City of Minneapolis Office Building - 501 4th Ave S - 11 stories / 171'

Downtown - North Loop - Mill District - Elliot Park - Loring Park
Tyler
Foshay Tower
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Joined: June 1st, 2012, 10:10 am

Re: City of Minneapolis Offices Consolidation

Postby Tyler » September 2nd, 2016, 2:25 pm

martykoessel wrote:The City always has more needs than can be addressed by its budget and shouldn't be tearing down revenue-generating buildings unless justified by a thorough cost-benefit analysis.
Is it naive to assume this has already happened?
Towns!

VAStationDude
US Bank Plaza
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Re: City of Minneapolis Offices Consolidation

Postby VAStationDude » September 2nd, 2016, 2:39 pm

The ramp is 40+ years old. Presumably the city would make a bundle from selling off fire station number 1 site and can bond the cost of this building at insanely low rates. It's a good idea.

Silophant
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Re: City of Minneapolis Offices Consolidation

Postby Silophant » September 2nd, 2016, 3:08 pm

The city could, presumably, include public parking in this building and stack their offices on top.

eastharrietguy
City Center
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Re: City of Minneapolis Offices Consolidation

Postby eastharrietguy » September 4th, 2016, 2:50 pm

Downtown has lost 000s of parking spaces due to development of light rail and loss of vacant surface lots - which is a very good thing. We want to see vacant lots developed into vibrant spaces for residents, workers, etc. But I am concerned that loss of 1,300 spaces will put a great deal of pressure on the parking supply. While there are lots of folks who think this is a good thing, and that people should be biking/walking/taking mass transit, there will be another group of people who will not use those modes of transit and be frustrated by the difficulty and expense of parking downtown. It will be another reason for firms to resist moving downtown - and others who decide to leave downtown (I know of one small consulting firm who moved to the suburbs in 2015 because their staff, including mostly millennials, wanted free parking) as well as frustrating people going to restaurants or attending sporting events. This ramp is full or nearly so weekdays most of the time, as is the Court ramp next door. Where will these workers park in the future? Perhaps the suburbs. I believe we should encourage alternative modes of transit, but also accommodate the desires of the majority of folks who choose to drive downtown. As we continue to lose parking, we risk making downtown less desireable for many people.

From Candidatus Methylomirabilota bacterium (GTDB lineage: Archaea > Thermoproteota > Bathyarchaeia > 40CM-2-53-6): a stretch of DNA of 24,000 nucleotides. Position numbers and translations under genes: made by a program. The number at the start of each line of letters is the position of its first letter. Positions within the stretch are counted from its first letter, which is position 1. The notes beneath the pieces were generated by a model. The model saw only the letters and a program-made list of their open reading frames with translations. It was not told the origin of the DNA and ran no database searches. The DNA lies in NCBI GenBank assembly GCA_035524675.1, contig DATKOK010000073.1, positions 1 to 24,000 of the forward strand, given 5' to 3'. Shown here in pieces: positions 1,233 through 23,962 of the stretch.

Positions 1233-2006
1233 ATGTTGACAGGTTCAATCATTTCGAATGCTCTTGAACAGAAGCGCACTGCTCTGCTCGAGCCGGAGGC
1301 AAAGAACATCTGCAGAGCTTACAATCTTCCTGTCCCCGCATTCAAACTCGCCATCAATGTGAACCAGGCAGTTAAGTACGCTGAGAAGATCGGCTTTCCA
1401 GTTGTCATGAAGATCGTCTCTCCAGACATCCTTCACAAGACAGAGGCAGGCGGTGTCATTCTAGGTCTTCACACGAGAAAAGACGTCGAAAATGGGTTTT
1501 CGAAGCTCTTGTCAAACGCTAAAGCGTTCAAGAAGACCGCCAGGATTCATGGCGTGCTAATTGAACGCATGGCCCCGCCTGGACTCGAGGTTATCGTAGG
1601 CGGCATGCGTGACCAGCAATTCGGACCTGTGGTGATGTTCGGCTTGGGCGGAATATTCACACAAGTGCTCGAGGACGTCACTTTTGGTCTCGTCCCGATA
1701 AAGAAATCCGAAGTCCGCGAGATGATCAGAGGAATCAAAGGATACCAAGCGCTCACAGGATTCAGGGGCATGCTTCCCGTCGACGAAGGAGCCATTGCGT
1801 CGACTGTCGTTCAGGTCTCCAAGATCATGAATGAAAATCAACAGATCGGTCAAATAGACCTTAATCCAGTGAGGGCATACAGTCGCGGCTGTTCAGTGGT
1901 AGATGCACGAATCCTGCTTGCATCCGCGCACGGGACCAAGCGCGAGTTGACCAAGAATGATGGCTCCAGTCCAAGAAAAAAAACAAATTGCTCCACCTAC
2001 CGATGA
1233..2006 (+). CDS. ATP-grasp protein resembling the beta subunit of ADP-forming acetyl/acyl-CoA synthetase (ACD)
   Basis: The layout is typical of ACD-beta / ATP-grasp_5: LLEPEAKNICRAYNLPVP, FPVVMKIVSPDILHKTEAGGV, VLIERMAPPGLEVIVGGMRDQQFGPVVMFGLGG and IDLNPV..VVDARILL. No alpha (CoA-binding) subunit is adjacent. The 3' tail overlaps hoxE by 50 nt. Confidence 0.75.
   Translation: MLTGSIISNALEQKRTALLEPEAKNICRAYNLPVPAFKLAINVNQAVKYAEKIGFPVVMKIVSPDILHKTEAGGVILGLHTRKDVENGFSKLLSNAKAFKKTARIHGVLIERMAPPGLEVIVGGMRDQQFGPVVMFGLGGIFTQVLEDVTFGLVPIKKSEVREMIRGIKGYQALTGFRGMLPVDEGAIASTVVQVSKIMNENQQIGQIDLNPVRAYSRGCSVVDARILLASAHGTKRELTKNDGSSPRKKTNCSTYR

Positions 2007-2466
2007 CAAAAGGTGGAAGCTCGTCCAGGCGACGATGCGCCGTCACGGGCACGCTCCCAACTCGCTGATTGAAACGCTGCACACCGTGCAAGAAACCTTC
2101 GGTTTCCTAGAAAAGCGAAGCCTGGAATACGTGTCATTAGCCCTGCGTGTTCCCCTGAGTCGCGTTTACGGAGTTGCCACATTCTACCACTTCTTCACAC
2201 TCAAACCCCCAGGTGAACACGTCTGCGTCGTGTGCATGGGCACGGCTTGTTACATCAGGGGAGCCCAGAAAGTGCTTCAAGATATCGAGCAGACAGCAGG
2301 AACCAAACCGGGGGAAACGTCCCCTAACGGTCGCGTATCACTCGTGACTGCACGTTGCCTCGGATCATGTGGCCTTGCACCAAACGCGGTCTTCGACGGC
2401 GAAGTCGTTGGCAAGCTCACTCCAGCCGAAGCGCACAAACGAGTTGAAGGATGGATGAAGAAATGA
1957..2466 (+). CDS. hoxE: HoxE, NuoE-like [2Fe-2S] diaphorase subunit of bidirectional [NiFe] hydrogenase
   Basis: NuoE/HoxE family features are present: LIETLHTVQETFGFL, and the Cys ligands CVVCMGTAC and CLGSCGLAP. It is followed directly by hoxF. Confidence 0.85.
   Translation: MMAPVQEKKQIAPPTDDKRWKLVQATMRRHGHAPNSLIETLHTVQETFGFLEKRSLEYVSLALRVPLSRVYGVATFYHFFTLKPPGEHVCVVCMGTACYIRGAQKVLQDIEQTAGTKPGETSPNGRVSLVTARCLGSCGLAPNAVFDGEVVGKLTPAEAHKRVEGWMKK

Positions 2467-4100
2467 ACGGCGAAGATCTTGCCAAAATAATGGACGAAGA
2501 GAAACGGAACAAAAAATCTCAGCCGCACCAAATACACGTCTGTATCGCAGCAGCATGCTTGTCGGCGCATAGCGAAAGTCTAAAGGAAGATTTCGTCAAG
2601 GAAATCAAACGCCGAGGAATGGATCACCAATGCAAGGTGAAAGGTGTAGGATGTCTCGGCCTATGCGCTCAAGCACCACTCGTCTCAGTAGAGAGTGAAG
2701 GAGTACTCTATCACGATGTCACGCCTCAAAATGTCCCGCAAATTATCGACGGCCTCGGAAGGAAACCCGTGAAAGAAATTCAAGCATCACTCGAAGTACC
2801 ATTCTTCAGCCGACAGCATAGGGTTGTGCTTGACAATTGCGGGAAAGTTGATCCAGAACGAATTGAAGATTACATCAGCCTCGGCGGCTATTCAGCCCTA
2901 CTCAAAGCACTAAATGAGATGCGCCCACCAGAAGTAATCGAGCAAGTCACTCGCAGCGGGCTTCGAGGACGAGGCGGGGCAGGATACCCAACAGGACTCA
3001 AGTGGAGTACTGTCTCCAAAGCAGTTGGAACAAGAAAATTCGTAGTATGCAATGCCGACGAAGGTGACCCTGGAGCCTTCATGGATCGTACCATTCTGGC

grrdanko
Nicollet Mall
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Re: City of Minneapolis Offices Consolidation

Postby grrdanko » September 4th, 2016, 5:30 pm